Back in 2009 when the owners of I Like You decided to temporarily close their funky Northeast store on the first day of the Minnesota State Fair and set up shop in the Grandstand, it was a novel, and somewhat crazy-sounding thing to do. Why would retailers with their own brick and mortar store want to sell at the fair, land of miracle mops and tractors? It had to be a decision born of excessive Minnesota pride or one too many corn dogs, and not an actual business strategy. After all, “I Heart MN” t-shirts aren’t exactly Sweet Martha’s cookies. Right?
A decade later, the State Fair has become the ultimate and most enduring pop-up shopping experience—a place where both national brands and local startups go to introduce products and connect with consumers. A place where you can buy everything from essential oils and upscale furniture to handcrafted paddle boards. A place where an indie shop can draw the sort of traffic retailers only dream about on Black Friday (if even, these days). Suddenly I Like You owners Sarah Sweet and Angela Lessman seem like visionaries.
Hagen and Oats, in the Grandstand
Locally based brands including Hagen and Oats, Great Lakes Clothing, and Sota Clothing have all become State Fair regulars, and made it cool for a new generation of digital-first consumers to shop at the fair. For Minneapolis-based artist Adam Turman, whose illustrations of local landmarks and legends including Paul Bunyan can be found on t-shirts, socks, and mugs sold by dozens of gift stores, the State Fair is “Christmas in August,” says studio manager Sarah Allen. Not only are the sales “amazing” at Turman’s Grandstand booth, Allen says the fair serves as a litmus test for future product ideas.
This year, GoodThings, a lifestyle retailer with seven stores across the metro from White Bear Lake to Maple Grove, is at the fair for the first time with a booth in the new North End. GoodThings owner Tyler Conrad says he’s ecstatic to be part of it. “What better way for us to expand our brand in front of 1.2 million people?"
Actually, it could be more than 2 million if last year’s record-breaking attendance holds. Mall of America aside, shopping centers are drooling over those numbers. And remarkably, fairgoers come to shop. “We get people at the booth who say they’ve finished their Christmas shopping,” I Like You’s Sweet says. “There’s no other place you’re going to do the business that you do at the fair. It’s like landing on a different planet for 12 days.”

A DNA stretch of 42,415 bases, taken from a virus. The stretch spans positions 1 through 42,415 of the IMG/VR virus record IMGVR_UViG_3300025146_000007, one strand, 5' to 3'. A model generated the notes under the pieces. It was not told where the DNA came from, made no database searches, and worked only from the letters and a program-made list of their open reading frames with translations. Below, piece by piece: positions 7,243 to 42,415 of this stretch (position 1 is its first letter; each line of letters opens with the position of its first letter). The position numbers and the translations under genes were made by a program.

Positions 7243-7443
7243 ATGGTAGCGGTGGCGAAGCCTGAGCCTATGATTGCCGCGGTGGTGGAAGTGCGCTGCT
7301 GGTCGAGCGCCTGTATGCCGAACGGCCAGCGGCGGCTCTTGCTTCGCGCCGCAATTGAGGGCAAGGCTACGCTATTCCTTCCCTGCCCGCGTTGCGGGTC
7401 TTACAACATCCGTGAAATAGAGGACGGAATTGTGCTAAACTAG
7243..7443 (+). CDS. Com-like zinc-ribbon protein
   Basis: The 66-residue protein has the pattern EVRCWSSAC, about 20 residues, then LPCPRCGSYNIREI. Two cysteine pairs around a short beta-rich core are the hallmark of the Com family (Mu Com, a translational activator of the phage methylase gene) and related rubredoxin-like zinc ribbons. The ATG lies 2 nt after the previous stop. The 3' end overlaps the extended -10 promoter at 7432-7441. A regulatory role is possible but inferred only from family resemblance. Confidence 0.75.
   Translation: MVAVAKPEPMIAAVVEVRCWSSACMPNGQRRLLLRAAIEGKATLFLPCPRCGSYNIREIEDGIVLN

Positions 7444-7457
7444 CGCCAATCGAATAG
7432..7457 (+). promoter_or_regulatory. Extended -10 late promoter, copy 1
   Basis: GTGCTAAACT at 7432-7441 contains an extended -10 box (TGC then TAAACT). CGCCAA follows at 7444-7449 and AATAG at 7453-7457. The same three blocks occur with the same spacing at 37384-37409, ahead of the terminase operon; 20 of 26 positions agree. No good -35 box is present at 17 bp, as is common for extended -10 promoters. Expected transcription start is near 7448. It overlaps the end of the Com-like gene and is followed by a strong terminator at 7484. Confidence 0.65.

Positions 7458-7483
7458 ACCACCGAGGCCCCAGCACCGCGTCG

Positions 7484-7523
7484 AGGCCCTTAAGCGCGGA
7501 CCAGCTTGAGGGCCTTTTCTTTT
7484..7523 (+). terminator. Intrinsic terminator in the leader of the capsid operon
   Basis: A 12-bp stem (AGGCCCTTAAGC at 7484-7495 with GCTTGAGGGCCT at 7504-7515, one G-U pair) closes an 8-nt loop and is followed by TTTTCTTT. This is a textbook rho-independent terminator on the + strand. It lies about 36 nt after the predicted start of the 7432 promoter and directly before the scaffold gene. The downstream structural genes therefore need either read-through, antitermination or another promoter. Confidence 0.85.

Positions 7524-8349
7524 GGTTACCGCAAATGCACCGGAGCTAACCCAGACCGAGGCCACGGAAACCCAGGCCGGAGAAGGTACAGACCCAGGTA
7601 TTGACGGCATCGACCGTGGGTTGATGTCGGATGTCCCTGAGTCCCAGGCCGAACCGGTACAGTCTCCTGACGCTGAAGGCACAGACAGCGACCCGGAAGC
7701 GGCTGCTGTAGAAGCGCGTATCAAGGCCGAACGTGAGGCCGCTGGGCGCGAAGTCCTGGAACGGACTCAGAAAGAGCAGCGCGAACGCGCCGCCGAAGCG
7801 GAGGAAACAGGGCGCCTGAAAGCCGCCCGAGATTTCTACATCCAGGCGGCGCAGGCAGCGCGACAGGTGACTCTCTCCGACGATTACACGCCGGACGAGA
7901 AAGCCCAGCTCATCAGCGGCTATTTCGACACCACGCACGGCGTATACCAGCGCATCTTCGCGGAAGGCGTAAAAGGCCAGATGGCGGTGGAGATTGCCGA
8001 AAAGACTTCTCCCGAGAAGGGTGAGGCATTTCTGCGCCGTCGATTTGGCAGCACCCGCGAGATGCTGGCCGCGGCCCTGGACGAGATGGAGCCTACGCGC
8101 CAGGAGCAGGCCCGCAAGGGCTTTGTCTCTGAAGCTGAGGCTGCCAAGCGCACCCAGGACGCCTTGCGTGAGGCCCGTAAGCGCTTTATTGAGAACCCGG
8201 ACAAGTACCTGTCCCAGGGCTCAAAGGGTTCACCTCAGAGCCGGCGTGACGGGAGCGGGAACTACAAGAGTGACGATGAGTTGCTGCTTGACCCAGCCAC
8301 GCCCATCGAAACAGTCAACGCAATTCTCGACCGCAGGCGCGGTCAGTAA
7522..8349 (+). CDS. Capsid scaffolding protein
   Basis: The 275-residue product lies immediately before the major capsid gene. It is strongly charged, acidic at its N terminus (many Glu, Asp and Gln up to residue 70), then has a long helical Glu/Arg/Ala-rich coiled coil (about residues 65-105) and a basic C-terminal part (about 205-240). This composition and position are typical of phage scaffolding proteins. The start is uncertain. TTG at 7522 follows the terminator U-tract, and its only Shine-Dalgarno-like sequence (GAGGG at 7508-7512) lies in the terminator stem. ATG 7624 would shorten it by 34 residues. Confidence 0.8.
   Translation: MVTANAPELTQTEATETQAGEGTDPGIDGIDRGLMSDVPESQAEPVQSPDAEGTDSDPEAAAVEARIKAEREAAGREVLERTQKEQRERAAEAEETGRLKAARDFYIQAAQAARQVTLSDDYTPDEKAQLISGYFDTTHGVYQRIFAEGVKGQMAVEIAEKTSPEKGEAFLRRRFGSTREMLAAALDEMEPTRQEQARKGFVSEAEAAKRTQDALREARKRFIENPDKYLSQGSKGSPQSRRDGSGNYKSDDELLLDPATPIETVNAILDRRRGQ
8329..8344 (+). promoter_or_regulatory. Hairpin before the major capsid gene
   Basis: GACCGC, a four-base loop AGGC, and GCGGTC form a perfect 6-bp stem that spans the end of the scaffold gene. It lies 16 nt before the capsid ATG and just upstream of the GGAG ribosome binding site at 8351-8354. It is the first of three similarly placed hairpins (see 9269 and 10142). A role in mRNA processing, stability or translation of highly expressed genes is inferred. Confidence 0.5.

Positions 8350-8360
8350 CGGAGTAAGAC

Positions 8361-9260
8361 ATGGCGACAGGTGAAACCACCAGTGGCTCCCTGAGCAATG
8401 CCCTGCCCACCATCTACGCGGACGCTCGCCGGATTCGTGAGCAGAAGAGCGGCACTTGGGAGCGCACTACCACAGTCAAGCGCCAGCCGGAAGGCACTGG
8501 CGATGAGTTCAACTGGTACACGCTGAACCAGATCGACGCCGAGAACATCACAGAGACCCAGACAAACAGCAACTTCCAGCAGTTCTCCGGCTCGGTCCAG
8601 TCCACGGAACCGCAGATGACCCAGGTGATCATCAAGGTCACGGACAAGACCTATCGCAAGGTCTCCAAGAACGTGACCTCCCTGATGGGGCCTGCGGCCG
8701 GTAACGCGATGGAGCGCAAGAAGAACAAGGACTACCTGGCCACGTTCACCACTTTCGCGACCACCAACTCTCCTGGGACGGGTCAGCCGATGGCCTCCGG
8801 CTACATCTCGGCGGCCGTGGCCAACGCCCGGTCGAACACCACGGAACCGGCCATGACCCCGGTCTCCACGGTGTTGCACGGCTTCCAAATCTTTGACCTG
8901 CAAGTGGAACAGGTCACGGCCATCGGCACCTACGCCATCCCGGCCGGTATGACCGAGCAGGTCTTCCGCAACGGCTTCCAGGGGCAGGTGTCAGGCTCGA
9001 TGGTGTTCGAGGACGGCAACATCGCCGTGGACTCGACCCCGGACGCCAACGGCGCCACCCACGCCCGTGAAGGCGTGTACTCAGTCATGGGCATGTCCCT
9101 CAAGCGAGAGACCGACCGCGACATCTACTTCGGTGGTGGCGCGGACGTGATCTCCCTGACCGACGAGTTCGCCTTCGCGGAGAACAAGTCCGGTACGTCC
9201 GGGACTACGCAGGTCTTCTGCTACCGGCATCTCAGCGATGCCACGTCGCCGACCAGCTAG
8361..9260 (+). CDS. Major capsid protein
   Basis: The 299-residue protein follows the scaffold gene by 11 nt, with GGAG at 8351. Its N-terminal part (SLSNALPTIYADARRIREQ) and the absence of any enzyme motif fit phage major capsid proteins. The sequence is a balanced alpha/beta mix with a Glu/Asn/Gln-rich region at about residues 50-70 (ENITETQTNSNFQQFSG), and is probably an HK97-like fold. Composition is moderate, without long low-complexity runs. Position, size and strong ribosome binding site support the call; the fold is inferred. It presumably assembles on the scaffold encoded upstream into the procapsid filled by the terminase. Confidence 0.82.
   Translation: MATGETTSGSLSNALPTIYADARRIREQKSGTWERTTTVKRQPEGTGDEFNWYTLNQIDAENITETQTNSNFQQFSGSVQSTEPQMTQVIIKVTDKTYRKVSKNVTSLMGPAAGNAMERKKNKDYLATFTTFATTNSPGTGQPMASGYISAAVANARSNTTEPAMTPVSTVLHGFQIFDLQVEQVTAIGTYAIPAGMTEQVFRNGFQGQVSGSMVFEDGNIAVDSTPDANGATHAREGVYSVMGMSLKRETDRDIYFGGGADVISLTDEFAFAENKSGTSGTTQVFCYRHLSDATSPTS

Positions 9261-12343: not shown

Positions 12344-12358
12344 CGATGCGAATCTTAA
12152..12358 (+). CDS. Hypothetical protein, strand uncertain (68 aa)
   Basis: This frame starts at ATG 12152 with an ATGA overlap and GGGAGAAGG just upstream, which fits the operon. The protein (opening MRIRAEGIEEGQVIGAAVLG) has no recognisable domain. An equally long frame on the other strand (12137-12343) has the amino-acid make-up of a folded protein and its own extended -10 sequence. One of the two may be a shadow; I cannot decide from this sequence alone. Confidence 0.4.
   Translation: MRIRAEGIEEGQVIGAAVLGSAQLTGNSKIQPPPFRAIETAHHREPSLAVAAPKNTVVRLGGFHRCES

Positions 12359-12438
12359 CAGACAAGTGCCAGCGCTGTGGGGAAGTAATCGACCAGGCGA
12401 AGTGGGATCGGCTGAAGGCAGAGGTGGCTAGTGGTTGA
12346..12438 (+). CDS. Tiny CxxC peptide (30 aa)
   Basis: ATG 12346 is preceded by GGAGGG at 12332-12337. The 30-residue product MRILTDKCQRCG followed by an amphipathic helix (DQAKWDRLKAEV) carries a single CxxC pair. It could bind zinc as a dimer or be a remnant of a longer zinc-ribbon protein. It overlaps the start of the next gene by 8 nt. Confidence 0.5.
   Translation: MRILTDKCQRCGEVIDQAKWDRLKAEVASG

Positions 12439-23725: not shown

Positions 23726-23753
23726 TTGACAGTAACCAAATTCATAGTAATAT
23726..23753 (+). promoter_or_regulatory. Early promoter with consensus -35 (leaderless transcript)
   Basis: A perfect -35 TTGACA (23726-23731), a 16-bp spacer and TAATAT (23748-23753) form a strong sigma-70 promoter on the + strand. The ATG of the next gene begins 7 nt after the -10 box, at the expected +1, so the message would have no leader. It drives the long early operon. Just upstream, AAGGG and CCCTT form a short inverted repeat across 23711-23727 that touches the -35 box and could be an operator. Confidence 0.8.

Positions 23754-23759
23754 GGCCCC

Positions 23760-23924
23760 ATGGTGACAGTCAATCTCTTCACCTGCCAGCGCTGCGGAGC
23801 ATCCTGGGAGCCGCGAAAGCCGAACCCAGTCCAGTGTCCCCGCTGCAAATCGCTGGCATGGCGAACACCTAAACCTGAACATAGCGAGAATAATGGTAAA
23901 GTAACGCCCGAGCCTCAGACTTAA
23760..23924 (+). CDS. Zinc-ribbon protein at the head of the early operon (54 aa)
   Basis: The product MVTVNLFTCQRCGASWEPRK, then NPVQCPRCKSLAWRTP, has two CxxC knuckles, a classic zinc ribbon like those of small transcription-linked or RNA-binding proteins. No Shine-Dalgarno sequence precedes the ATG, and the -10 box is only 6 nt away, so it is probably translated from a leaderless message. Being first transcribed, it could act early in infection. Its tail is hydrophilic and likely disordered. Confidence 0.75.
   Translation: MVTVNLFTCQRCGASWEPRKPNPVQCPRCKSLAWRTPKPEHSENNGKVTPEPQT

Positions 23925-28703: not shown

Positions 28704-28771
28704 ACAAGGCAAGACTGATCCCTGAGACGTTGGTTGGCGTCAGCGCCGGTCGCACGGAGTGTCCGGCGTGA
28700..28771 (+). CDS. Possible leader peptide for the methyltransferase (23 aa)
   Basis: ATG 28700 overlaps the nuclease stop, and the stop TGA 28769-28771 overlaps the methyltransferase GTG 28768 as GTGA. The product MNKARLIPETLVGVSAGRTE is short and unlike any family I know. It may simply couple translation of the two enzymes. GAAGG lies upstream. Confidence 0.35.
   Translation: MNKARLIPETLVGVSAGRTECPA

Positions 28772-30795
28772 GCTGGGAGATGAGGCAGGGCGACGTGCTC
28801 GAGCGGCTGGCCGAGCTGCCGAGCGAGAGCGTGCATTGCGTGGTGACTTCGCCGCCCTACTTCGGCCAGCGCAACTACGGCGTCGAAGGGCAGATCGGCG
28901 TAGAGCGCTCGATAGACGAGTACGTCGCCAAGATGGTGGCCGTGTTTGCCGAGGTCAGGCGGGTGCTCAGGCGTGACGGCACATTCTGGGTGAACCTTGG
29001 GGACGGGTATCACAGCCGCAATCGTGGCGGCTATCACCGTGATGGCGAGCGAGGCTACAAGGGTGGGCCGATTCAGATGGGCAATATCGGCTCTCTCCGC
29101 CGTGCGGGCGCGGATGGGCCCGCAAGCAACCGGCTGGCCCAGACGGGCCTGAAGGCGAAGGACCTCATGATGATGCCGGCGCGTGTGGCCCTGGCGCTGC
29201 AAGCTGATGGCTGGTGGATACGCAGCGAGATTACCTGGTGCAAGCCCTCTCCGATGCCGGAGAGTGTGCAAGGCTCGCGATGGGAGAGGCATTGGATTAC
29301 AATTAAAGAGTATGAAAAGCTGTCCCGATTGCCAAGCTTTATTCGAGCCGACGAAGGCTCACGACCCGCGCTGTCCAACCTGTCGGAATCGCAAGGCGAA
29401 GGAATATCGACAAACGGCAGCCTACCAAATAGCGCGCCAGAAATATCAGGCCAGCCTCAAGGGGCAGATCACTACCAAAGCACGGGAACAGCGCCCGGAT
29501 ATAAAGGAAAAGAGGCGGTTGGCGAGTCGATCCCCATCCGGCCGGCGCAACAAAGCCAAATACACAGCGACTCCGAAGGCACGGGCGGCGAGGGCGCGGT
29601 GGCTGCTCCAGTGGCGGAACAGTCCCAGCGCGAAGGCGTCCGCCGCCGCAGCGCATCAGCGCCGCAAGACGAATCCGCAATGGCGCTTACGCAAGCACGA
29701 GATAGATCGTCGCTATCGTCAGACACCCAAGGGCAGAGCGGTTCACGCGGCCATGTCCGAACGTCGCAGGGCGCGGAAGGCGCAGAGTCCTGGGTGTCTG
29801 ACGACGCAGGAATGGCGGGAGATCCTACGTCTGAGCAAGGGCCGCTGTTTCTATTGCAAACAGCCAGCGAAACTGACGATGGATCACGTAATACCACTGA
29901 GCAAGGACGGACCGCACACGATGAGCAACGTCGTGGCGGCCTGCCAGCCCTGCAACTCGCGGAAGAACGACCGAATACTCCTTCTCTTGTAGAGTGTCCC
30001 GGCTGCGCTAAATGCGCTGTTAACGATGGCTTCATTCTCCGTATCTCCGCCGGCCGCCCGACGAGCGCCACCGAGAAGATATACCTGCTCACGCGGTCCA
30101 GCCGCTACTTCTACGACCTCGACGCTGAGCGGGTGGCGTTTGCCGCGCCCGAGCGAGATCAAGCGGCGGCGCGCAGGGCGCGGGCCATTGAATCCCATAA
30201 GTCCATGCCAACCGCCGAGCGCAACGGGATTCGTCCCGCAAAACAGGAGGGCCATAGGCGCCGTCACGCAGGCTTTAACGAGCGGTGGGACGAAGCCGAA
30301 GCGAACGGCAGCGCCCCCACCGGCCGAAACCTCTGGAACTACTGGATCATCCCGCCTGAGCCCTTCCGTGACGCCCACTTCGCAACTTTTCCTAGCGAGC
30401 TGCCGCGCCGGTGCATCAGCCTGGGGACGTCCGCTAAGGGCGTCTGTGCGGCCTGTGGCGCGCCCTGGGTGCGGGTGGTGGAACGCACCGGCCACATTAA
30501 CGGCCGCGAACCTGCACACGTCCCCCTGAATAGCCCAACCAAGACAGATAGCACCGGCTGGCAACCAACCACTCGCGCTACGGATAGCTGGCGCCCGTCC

Christmas still results in a higher grossing month for I Like You, which also has a store in St. Paul, but the 12 days of the fair are nearly as lucrative as other big gift giving occasions like Valentine’s Day and Mother’s Day, Sweet says.
Admittedly, she and Lessman were victims of Sweet Martha-level delusions that very first year at the fair. “”We thought we were going to be rich.” They barely broke even. Their booth was too large, and not a perfect fit in the Grandstand. They moved to Heritage Square in year two, and then to the fair’s West End Market when it opened six years ago. They’ve figured out the right product mix: heavy on t-shirts and Minnesota trinkets, with many products only available at the fair. Lessman says the payoff continues year-round.
“It’s important to introduce yourself to your audience. The fair is a totally different clientele. We have repeat customers year after year, and sometimes they’ll come into the store six months later, or even years later.” Online orders through I Like You’s website spike following the fair as well, Lessman says.
Given their State Fair success, I Like You started participating in mall pop-ups a few years ago, including the first couple of holiday markets at Mall of America and a seasonal booth at Ridgedale Center. But Sweet and Lessman saw diminishing returns. “Mall pop-ups are over for us,” Lessman says. “I don’t kmow what way pop-ups are going to go. It’s so hit and miss. The market is saturated. It’s hard to set up for a show that doesn’t pan out in the end.”
But the Minnesota State Fair is different. It remains a place people will go out of their way to show up, despite lines and crowds and heat. It’s not about the most streamlined buying experience, but meeting the sellers and touching the merchandise. It’s a place where optimism and joy triumph, and people spend like it might be there last chance.(Indeed, eat enough fried fare, and that could be true). But for 12 days at the end of the summer, the Internet takes a backseat to a grandstand full of shops run by passionate, exhausted humans who love their goods and thrive on human connection. There’s no better place to be a retailer.
“We will always do the fair,” Sweet says. “As long as the fair lets us in.”